‘Boyz n the Hood’: Review

Boyz n the Hood

Boyz n the Hood is one of those films that I’ve always wanted to see and had always been meaning to, but for one reason or another it escaped me. Well, Best Buy selling it for $5.00 on Blu-Ray is enough for me to right that wrong.

Everything about this film is quintessential 90s and might be some of the definitive work of growing up in a black culture, surrounding by gang activity and trying to escape these hurdles and just making it out of your childhood to becoming an adult.

I’ll get my one criticism out of the way first, the film is very predictable and hits every narrative beat as it should, not leaving much up to the imagination of what’s to come first. But, ultimately that didn’t bother me all that much, because the film isn’t being made to trick you or surprise you at some great reveal. No, it’s detailing the lives of these friends who they are and what they aimed to achieve, we know what’s obviously down the tunnel for some and how the path down that tunnel may be shorter for others. The weight of these relationships still hold the power of each scene, and perhaps create a little more tension when you have a good idea as to what’s going to happen next.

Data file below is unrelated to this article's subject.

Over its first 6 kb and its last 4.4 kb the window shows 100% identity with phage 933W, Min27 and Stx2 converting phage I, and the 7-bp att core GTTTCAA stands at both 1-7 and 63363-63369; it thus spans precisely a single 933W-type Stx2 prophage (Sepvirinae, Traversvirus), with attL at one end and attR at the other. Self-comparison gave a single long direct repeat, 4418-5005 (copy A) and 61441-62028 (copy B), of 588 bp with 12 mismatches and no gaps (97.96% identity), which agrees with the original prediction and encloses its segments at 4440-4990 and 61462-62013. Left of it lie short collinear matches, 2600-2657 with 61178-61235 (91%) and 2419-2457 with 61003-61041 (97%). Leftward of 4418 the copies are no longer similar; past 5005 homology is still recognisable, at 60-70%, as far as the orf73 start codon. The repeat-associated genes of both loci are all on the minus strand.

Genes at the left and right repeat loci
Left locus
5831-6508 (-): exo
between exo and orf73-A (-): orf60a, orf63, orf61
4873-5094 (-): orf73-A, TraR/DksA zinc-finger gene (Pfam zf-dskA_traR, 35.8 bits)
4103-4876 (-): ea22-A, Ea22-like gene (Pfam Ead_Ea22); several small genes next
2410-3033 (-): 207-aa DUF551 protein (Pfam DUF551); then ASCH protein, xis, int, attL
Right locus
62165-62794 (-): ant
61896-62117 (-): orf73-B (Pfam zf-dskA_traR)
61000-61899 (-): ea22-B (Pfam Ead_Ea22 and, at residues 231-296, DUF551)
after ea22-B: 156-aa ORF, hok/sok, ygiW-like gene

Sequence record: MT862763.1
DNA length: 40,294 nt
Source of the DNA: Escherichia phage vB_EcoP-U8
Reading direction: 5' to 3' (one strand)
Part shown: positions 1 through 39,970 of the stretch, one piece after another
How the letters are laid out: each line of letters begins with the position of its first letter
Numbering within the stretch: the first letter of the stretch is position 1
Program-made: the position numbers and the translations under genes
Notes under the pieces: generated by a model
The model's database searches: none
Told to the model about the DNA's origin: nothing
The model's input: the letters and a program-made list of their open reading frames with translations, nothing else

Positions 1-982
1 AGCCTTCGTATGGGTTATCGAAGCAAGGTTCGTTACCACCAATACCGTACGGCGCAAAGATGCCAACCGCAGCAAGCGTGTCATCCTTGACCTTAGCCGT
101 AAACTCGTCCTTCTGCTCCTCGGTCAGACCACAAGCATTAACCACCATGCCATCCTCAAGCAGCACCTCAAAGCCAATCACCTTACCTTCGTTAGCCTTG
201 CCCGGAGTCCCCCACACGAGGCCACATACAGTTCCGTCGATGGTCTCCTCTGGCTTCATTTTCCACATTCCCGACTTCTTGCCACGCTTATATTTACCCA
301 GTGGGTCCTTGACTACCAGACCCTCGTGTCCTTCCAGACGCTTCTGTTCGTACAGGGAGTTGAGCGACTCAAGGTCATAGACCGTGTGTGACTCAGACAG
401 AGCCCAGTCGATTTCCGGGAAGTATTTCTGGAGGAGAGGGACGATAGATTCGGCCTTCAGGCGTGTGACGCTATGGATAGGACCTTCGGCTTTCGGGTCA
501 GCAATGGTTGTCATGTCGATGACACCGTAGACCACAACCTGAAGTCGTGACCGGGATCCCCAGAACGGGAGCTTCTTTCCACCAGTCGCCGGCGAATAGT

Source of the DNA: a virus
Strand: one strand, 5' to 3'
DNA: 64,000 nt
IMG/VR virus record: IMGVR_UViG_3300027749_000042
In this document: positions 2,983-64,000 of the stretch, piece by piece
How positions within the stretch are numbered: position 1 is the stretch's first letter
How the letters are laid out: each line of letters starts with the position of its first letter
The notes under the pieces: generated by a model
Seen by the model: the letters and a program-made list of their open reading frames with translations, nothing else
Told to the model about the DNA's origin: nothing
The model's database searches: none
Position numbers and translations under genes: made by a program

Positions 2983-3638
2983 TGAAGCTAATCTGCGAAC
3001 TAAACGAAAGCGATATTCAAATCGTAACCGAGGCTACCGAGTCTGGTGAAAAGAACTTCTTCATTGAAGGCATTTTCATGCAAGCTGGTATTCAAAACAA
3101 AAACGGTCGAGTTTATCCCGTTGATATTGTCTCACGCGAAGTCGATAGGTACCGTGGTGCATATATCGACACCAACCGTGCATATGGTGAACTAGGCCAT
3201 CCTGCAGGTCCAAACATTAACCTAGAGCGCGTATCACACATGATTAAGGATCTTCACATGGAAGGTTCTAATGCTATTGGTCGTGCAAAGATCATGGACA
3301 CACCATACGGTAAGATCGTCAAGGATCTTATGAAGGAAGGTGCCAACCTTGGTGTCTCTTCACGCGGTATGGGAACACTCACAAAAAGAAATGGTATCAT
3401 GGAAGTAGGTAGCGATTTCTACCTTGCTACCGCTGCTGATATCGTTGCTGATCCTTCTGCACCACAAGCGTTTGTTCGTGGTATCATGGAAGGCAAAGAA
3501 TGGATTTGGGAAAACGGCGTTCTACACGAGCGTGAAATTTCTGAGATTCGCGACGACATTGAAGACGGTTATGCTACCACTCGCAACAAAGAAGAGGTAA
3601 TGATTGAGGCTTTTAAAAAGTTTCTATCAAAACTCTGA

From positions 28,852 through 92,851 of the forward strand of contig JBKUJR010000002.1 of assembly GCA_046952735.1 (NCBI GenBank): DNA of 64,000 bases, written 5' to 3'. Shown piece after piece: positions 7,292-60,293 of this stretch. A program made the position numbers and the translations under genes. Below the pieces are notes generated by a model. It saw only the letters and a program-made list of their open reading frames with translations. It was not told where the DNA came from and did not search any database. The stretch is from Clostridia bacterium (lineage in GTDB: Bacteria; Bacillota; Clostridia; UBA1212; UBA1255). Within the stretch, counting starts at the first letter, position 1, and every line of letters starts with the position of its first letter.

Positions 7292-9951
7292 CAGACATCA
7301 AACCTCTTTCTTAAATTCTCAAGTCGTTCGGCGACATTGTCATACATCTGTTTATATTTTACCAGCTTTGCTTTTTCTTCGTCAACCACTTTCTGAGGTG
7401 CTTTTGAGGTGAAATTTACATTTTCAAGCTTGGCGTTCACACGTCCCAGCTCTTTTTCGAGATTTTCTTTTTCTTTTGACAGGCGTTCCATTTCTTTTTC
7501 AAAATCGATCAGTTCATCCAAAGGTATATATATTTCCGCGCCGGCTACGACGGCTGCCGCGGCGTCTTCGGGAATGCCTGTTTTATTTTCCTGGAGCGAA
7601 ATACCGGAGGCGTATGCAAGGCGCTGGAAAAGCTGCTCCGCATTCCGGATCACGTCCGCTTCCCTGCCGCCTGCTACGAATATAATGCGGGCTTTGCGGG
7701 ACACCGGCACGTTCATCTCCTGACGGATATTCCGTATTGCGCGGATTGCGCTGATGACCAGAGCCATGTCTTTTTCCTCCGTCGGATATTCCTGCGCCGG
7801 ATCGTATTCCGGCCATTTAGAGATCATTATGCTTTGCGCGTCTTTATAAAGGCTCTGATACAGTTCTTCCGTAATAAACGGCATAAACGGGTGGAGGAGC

The performances are really what makes the film and it’s not surprise. I’m not sure I’ve seen Cuba Gooding, Jr. any better than this. He’s simultaneously so vulnerable but very much wants to put up this front of how much a “man” he is in this neighbourhood that often demands you look like that on the “streets” in order to survive. Laurence Fishburne is imposing and demanding on his son, even making himself looking scary most of the time, but literally every ounce of this is out of love and the need to protect his son from the dangers of what he grew up with. Ice Cube obviously probably knows his role a little too well and players the high on himself wannabe banger with the correct subtleties and braggadocios. Nia Long also puts in some good albeit small work as the perfect picture of a 90s girlfriend that would make you want to drop everything and reroute your life just to spend five more minutes with her.

Even in 2014 it’s easy to see the effect this film had on the years following and its message is still sadly applicable in today’s world where much of that world from 1991 is the exact same almost 25 years later. The experience alone makes it a must watch.



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